Doc Watson plays the banjo at the 1965 Fincastle (Va.) Bluegrass Festival, among the first multi-day bluegrass festivals in the country.
I was in my late thirties the first time I saw Doc Watson perform. It was 2006 at the Mountain Song Festival in my hometown of Brevard, N.C. Doc, of course, was from just over the mountain in Deep Gap, and he was in his early 80s then. The show, a benefit for the local Boys and Girls Club, was held in the open pavilion at Brevard Music Center, and when Doc walked up on that stage and sat down with just his guitar and a microphone, the audience was so quiet you could hear the robins rustling in the trees.
Doc played a great show that afternoon, and when it was over, he headed down the stage in the middle of a standing ovation. The crowd clapped and clapped and clapped until finally one of the show’s producers went over to speak to Doc, who was, by then, outside the pavilion. They had a brief exchange, after which Doc shook his head. There would be no encore. But we clapped some more anyway. If Doc happened to be a little opinionated, if he were too tired to get back up on that stage, if he just wanted to get back on that bus and head to Deep Gap, that was OK with us. He was a music legend, of course, but around these parts, he was more than that: He was one of our own.
The Steep Canyon Rangers played that day as well, and we were proud of them too. They were local boys, and we thought of them as our own just as we did Doc, but in a slightly different way. They were new and fresh, and they made us feel upbeat, inspired, hopeful. But Doc, he made us pause and reflect. He reminded us of our grandfathers, of the preacher who stood at the courthouse and called, “God Bless You” to people as they passed by, of the man who ran Morgan Mill just off the Rosman Highway, the one who had a pet pig named Hambone and who used to give Cowtails to all the kids who stopped by, the one who left the door to his store open even when he wasn’t there so you could grab a bag of grits and leave your money on the counter. Doc was old-school like that – humble, plainspoken, real.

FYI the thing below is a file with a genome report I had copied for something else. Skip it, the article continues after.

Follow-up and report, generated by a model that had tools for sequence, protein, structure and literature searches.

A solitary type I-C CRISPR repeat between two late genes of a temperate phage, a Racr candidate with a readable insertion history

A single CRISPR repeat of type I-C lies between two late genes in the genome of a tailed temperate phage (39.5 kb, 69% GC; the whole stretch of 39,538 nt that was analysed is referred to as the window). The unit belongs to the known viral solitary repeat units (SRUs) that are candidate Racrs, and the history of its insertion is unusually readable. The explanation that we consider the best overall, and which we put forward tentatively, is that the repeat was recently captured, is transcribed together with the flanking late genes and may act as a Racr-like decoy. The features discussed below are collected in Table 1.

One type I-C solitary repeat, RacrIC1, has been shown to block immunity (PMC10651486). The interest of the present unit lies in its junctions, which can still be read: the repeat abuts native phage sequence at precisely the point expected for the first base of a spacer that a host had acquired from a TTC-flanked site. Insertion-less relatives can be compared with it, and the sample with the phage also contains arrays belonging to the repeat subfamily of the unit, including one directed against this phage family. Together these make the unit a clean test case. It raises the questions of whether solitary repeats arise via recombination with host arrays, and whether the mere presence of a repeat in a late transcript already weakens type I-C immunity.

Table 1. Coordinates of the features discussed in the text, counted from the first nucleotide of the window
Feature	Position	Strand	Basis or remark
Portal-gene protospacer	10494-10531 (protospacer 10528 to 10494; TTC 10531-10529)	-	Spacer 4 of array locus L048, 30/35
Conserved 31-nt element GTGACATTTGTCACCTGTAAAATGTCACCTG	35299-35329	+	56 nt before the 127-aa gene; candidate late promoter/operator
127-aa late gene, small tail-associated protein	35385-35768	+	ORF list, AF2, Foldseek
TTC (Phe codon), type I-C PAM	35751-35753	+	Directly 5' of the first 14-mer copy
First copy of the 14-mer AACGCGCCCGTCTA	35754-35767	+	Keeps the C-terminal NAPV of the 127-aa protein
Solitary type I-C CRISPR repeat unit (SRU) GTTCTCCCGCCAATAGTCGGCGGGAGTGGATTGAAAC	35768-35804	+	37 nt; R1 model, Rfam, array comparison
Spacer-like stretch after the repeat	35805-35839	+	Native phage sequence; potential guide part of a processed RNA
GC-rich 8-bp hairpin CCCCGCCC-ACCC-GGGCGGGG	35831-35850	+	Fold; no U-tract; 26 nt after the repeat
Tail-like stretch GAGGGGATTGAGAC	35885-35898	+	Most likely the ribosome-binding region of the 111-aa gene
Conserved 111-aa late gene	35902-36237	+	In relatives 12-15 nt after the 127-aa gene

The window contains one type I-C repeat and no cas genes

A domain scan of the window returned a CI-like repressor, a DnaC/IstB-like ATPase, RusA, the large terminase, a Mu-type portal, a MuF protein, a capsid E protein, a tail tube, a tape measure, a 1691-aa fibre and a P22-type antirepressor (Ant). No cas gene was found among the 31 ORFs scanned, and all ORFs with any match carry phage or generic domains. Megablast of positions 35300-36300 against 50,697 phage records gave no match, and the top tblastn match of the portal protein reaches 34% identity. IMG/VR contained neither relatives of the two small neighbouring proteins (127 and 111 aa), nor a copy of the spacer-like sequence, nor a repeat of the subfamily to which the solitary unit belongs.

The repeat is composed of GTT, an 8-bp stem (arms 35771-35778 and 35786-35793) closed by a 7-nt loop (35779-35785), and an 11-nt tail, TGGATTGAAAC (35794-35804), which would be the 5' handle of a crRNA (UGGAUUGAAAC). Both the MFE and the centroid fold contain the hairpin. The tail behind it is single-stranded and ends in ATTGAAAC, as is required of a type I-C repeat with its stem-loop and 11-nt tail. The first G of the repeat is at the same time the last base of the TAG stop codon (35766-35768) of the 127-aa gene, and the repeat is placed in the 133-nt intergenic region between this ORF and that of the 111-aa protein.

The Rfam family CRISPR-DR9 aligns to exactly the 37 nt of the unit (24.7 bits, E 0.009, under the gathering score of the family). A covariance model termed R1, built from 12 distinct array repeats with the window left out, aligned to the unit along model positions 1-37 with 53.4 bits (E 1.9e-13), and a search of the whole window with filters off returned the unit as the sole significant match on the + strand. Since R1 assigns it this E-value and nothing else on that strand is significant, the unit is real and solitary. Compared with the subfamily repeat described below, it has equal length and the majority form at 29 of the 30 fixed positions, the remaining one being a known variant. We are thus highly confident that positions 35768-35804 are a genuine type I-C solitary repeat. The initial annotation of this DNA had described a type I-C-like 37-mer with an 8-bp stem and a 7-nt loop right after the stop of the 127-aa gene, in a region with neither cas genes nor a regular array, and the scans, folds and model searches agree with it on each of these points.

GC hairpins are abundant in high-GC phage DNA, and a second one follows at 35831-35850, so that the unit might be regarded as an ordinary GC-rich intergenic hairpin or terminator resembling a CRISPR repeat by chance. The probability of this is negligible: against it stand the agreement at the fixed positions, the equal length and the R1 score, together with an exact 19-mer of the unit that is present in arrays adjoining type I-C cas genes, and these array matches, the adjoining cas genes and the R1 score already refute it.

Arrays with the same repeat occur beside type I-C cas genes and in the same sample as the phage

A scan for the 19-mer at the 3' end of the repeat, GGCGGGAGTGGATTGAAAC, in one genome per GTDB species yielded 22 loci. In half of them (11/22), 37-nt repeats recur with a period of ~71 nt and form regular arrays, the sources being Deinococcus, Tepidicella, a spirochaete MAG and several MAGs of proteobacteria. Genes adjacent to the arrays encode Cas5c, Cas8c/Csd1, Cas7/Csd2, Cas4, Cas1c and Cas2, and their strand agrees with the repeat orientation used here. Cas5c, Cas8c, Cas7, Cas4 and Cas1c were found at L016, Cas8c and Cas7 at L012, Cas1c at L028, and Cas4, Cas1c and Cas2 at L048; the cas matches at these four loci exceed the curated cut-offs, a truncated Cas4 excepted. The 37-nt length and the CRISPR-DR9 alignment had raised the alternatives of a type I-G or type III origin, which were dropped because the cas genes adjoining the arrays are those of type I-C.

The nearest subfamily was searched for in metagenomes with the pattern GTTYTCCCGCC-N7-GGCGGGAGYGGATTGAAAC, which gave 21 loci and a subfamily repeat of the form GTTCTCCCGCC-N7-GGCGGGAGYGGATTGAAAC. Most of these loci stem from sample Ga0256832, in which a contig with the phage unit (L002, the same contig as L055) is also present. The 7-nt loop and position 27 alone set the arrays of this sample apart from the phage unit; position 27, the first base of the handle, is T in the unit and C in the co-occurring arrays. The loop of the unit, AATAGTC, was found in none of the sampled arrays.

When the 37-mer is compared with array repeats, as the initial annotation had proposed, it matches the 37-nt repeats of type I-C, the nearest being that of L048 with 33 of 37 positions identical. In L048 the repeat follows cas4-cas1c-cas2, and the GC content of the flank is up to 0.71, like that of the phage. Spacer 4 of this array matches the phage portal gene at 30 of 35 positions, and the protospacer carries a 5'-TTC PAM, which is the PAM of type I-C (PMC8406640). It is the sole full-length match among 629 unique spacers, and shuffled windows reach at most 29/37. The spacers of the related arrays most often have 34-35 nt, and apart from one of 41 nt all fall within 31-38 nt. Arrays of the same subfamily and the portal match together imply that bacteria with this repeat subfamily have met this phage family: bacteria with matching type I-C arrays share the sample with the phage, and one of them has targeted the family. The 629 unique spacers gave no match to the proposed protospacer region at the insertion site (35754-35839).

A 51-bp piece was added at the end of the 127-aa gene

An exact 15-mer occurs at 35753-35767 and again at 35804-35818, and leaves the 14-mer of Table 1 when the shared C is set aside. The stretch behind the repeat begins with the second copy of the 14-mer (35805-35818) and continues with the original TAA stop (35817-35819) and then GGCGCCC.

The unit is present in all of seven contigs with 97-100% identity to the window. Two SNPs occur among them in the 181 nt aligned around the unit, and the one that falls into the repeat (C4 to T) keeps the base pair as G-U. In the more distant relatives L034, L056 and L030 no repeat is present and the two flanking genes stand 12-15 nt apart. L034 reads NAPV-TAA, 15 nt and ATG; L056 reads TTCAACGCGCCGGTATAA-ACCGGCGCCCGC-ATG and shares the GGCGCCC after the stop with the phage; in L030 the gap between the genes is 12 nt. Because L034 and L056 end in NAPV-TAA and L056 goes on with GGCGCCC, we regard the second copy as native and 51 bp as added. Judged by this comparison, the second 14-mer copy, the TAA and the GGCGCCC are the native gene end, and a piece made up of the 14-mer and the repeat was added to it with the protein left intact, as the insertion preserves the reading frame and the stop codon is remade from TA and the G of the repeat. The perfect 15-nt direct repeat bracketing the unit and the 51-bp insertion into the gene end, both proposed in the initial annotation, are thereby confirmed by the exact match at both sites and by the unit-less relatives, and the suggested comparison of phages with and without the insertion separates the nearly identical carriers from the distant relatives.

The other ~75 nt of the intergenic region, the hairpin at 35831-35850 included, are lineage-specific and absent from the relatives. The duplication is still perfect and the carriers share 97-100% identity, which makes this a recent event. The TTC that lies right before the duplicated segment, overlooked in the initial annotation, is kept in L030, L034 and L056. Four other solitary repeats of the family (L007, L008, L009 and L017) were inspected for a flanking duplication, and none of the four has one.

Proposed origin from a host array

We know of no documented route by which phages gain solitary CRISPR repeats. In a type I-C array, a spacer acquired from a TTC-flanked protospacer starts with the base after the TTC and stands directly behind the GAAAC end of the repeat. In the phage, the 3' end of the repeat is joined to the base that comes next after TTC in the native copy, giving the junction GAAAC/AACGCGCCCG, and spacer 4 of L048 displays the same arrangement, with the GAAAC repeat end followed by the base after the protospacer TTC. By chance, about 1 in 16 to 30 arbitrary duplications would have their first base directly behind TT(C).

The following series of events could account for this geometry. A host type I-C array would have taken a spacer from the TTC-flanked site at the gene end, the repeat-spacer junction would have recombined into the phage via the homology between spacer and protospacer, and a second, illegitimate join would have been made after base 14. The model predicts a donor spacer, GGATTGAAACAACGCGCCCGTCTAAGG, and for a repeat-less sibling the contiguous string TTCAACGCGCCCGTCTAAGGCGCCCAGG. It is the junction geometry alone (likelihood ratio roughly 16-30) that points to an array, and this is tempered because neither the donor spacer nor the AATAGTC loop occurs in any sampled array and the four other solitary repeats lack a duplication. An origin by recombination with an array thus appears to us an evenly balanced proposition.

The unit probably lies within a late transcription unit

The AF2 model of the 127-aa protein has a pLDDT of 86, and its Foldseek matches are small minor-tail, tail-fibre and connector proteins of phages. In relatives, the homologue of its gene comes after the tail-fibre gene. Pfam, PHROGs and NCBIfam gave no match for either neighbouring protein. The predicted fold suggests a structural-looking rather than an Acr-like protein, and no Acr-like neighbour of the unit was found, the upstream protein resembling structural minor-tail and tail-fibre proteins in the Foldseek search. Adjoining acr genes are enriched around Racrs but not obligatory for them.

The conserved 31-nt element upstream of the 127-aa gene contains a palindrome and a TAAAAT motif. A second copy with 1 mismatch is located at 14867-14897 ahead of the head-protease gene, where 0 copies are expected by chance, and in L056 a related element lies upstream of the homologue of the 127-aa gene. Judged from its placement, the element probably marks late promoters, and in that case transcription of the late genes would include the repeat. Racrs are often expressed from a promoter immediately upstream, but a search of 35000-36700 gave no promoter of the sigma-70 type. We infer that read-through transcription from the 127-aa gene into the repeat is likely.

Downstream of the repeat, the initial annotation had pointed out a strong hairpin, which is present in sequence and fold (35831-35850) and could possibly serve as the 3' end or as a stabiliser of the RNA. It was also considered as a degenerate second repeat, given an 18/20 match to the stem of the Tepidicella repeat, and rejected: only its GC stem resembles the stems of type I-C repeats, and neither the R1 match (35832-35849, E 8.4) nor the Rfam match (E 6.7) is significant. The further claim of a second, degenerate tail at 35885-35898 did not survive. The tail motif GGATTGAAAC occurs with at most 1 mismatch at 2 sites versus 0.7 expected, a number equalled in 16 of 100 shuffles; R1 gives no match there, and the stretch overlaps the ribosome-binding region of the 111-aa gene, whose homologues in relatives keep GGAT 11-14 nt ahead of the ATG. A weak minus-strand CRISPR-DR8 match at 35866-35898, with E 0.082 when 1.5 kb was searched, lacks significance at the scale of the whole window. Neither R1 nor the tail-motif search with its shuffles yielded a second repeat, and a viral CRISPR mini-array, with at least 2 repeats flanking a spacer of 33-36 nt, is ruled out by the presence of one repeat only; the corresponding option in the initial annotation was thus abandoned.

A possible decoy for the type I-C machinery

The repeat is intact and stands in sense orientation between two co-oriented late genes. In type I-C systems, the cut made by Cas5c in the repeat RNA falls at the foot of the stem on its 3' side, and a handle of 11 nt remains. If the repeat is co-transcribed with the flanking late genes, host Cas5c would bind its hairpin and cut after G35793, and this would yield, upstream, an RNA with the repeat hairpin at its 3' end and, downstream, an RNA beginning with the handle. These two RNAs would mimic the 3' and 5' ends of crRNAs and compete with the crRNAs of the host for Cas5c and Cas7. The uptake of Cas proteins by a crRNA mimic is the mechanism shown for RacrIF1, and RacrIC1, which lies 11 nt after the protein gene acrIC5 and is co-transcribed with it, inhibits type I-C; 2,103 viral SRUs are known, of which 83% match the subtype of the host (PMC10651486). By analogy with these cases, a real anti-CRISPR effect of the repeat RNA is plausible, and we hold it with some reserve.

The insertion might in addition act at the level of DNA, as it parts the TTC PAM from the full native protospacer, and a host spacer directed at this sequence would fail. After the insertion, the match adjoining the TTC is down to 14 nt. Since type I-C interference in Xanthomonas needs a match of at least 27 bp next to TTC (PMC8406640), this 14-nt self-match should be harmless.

During the next few years, I saw Doc perform two more times, both at MerleFest, the annual music festival he established in honor of his beloved son, musician Merle. A fine musician in his own right, Merle had died in a tractor accident at the age of 36. And the last time I saw Doc was also the last time he would ever perform his musical tribute to his son.
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